The Belarusian system of governance faces staff shortage
The number of reports in the Belarusian media about the staffing shortage in the government, associated with low salaries in the public administration, has increased.
The devaluation of the national currency in 2011 dropped the wages in the public administration to being among the lowest by the end of 2011 – Br 2.15 million, which is less than in the field of science (Br 2.65 million), education (Br 2.58 million) and healthcare (Br 2.6 million). It had an impact on the prestige of the public services and on the staff outflow. In January - September 2011 more than 12% of employees of the Office of the Council of Ministers have resigned.
The emerging new institutions within the Common Economic Space also affect the outflow of qualified management personnel. For instance, the Eurasian Economic Commission announced a competition for managerial positions (to be filled by July 2012), which is supervised by the Belarusian Government. The creation of the Eurasian Parliament of Russia Belarus and Kazakhstan is being discussed at the level of Russian Presidential Administration. This initiative was well received by the Belarusian House of Representatives, which expressed readiness to expand cooperation between the parliamentary delegations.
All these processes will negatively impact on the loyalty of civil servants to the Belarusian system of governance: similar to the labor migration from Belarus, officials will also “vote with their feet”. So far the government failed to invent a more effective way to counteract such trend, than pay increases. However, a number of commitments undertaken by the authorities on the economic policy, inter alia, cooperation within the Anti-Crisis Fund of the EurAsEC, will make implementation of these measures particularly difficult.
The rapid increase in wages has led to a decline in the ratio between labour productivity and real wages to one. Previously, the rule was that enterprises, in which the state owned more than 50% of shares in the founding capital, were not allowed increasing salaries if this ratio was equal to or less than one. The authorities are unlikely to be able to meet the wage growth requirement without long-term consequences for the economy. Hence, the government is likely to contain wage growth for the sake of economic growth.
According to Belstat, In January – August 2017, GDP growth was 1.6%. The economic revival has led to an increase in wages. In August, the average monthly wage was BYN 844.4 or USD 435, i.e. grew by 6.6% since early 2017, adjusted for inflation. This has reduced the ratio between labour productivity and real wages from 1.03 in January 2017 to 1 in the first seven months of 2017. This parameter should not be less than 1, otherwise, the economy starts accumulating imbalances.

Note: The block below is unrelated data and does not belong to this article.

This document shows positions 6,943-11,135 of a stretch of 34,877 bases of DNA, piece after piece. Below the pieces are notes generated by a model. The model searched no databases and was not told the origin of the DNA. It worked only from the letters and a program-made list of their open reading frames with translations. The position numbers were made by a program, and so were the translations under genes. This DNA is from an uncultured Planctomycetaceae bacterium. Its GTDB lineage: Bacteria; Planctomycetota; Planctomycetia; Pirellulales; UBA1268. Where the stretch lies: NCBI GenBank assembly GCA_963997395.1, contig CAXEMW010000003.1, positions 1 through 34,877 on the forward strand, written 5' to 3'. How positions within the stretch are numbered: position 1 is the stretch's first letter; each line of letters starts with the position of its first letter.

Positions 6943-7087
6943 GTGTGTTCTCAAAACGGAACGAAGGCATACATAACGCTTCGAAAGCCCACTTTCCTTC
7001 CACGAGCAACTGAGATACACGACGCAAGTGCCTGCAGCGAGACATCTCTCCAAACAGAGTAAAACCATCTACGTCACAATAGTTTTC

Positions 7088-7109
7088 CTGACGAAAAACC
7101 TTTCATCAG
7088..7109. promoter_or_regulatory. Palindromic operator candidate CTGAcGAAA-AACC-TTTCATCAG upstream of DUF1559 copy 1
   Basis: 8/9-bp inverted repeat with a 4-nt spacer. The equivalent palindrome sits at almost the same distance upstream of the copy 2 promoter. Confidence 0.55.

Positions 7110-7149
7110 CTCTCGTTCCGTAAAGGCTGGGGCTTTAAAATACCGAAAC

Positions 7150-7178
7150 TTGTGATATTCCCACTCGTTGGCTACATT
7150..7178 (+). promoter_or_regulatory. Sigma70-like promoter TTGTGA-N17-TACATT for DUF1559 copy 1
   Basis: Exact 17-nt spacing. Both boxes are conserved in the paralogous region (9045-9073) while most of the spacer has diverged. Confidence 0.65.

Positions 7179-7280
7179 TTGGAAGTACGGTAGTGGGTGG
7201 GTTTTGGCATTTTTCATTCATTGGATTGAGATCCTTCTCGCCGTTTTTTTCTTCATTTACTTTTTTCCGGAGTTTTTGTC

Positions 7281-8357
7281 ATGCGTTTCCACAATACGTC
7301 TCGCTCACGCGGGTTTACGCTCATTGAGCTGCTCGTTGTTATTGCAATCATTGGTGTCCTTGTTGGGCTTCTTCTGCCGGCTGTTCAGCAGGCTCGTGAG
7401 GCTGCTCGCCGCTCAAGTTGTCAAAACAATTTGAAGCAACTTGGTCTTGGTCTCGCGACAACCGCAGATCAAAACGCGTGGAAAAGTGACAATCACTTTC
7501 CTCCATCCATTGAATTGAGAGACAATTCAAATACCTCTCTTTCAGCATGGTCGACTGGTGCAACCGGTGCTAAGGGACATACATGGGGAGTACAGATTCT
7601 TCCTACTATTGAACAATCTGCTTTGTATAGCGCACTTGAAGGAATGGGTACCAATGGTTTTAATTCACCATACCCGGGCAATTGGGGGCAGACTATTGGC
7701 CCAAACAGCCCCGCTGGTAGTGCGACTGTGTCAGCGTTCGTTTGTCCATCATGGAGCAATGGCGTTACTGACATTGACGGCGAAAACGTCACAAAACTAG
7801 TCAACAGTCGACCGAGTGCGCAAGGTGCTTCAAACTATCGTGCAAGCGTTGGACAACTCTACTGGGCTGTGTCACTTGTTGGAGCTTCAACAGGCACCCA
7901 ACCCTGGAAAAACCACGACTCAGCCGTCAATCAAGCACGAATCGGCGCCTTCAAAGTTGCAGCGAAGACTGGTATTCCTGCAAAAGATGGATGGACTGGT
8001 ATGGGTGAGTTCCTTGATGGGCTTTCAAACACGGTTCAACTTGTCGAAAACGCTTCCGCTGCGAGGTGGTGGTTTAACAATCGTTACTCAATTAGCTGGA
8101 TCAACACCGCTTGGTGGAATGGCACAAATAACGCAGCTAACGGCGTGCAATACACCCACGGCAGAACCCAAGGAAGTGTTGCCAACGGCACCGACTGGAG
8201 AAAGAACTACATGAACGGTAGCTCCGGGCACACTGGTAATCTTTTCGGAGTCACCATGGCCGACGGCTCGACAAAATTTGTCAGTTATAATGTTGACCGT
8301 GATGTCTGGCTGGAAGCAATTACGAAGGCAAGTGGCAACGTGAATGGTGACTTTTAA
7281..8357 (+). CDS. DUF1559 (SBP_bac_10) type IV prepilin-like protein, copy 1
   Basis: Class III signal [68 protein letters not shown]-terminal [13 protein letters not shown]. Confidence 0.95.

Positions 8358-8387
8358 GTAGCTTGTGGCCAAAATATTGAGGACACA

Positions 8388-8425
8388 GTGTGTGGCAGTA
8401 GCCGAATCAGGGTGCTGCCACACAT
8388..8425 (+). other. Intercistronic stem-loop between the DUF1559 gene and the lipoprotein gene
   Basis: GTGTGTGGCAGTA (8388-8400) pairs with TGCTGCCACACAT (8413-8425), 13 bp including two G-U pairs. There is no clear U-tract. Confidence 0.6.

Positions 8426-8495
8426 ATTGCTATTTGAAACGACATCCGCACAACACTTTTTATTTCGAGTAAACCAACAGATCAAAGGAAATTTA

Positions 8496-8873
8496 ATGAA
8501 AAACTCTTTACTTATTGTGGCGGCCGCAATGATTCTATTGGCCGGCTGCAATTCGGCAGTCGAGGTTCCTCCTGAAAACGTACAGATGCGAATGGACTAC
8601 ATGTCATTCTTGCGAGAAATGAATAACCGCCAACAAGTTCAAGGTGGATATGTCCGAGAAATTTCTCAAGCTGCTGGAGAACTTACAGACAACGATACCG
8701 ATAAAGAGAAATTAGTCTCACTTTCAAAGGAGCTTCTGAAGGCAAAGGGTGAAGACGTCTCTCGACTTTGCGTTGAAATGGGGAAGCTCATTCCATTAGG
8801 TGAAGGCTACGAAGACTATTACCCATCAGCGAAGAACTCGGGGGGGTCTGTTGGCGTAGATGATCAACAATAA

The need for faster growth in labour productivity over wage growth was stated in Decree No 744 of July 31st, 2014. The decree enabled wages growth at state organizations and organizations with more than 50% of state-owned shares only if the ratio between growth in labour productivity and wages was higher than 1. Taking into account the state's share in the economy, this rule has had impact on most of the country's key enterprises. In 2013 -2014 wages grew rapidly, which resulted in devaluation in 2014-2015.
Faster wage growth as compared with growth in labour productivity carries a number of risks. Enterprises increase cost of wages, which subsequently leads to a decrease in the competitiveness of products on the domestic and foreign markets. In construction, wholesale, retail trade, and some other industries the growth rate of prime cost in 2017 outpaces the dynamics of revenue growth. This is likely to lead to a decrease in profits and a decrease in investments for further development. Amid wage growth, the population is likely to increase import consumption and reduce currency sales, which would reduce the National Bank's ability to repay foreign and domestic liabilities.
The Belarusian government is facing a dilemma – either to comply with the president’s requirement of a BYN 1000 monthly wage, which could lead to new economic imbalances and could further affect the national currency value, or to suspend the wage growth in order to retain the achieved economic results. That said, the first option bears a greater number of negative consequences for the nomenclature.
Overall, the rapid growth in wages no longer corresponds the pace of economic development. The government is likely to retain the economic growth and retrain further growth in wages. Staff reshuffles are unlikely to follow the failure to meet the wage growth requirement.